A good showing for the stock market in 2010 has helped boost the state's retirement accounts for public employees.
But it's too soon to tell if the increase will be enough to avert another reduction in the pensions of some retirees, officials said Tuesday.
The Wisconsin Retirement System's two trust funds held $79.1 billion as of Dec. 31, reported the State of Wisconsin Investment Board, which manages the money. The results are up from $72.9 billion a year ago and $61.8 billion at the end of 2008.
"That fourth quarter was really critical for what happened to our returns," investment board spokeswoman Vicki Hearing said.
In October, the Dow Jones industrial average saw its biggest monthly gain since 2006, rising 3 percent. The Dow ended the year up 11 percent, and other major indices also saw double-digit gains. The Russell 2000 rose 25 percent.
The retirement system's Core Fund had a preliminary market value of $73.5 billion, with a return of 12.3 percent. The Core Fund is a diversified fund and the main account for all 560,000 current or former state and local government, university or school employees who participate in the Wisconsin Retirement System.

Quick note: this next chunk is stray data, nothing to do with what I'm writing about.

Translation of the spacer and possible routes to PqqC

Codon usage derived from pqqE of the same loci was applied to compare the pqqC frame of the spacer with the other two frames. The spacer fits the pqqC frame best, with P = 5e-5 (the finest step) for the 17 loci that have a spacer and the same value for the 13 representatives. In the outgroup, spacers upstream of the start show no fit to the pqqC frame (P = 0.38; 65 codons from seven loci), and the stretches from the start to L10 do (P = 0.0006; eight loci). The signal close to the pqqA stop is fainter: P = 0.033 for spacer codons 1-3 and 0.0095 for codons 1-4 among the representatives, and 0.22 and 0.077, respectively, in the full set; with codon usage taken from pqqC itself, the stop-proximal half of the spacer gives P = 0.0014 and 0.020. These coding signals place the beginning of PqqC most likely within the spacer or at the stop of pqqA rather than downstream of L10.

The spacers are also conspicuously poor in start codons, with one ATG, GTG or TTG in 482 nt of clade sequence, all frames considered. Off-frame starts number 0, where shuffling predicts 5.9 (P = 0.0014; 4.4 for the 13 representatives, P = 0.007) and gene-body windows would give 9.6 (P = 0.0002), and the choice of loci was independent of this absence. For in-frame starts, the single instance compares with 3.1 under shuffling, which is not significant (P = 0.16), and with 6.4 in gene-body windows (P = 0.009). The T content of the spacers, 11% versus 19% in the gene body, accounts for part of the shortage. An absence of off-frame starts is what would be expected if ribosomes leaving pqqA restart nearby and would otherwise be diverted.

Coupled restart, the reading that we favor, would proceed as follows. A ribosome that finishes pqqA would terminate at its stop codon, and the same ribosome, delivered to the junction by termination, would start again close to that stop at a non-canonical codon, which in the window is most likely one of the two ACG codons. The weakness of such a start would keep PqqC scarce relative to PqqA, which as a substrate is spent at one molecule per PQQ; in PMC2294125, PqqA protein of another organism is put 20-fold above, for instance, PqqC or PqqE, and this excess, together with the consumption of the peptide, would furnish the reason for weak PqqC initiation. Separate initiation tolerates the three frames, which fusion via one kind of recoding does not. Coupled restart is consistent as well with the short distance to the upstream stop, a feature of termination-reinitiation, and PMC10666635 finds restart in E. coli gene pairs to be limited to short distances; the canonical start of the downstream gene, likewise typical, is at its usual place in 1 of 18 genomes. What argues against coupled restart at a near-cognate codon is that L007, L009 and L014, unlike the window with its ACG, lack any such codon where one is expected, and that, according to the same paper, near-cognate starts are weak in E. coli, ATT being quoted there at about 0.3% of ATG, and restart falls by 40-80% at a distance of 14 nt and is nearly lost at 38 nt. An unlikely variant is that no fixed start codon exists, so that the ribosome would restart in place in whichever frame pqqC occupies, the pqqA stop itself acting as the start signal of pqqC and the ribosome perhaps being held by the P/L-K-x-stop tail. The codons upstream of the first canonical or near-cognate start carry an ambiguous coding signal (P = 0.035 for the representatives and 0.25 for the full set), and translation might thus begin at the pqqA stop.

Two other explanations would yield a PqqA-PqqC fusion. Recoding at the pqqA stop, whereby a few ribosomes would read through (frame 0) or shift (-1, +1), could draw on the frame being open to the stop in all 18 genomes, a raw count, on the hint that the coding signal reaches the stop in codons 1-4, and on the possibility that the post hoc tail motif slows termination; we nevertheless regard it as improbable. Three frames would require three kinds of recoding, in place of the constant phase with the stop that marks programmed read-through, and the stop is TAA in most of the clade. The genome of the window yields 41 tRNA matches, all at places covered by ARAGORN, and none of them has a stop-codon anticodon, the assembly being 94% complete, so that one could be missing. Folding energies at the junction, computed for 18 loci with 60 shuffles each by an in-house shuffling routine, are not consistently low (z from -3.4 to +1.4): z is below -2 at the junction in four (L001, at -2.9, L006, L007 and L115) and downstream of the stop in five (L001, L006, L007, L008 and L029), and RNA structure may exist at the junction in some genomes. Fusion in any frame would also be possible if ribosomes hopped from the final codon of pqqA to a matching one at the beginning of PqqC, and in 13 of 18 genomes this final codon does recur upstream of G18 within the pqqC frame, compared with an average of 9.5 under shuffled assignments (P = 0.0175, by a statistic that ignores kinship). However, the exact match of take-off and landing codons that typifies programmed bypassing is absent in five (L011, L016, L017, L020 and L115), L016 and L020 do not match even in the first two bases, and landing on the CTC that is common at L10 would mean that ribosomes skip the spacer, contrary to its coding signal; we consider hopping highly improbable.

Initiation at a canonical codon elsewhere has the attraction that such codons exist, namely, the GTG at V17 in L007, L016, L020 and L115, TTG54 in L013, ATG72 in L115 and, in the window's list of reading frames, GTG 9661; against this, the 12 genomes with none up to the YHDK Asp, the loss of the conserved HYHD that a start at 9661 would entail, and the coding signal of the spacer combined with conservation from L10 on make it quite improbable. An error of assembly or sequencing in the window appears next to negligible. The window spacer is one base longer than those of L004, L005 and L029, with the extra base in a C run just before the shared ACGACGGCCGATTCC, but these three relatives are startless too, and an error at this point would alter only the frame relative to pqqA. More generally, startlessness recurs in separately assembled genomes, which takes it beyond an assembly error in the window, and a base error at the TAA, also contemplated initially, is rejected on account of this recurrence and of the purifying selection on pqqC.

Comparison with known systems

The Variable Fund ended the year at $5.6 billion, with a return of 15.6 percent. More than 100,000 retirees and current employees have money in the optional, all-stock portfolio.
For the past two years, pensions for thousands of retirees in the program have been reduced because of stock market troubles in 2008. Pensions are figured based on a formula that smooths Core Fund results over five years to protect retirees from the ups and downs of Wall Street.
It is expected to be March before the state Department of Employee Trust Funds announces where pensions will stand this year. Spokesman Matt Stohr told The Associated Press payments could remain unchanged or drop slightly because of the continuing impact of the 2008 losses.
The Wisconsin Retirement System is the ninth-largest U.S. public pension fund and the 30th-largest public or private pension fund in the world.
[Editor's note: This story was updated to clarify that percentages are returns, not increases.]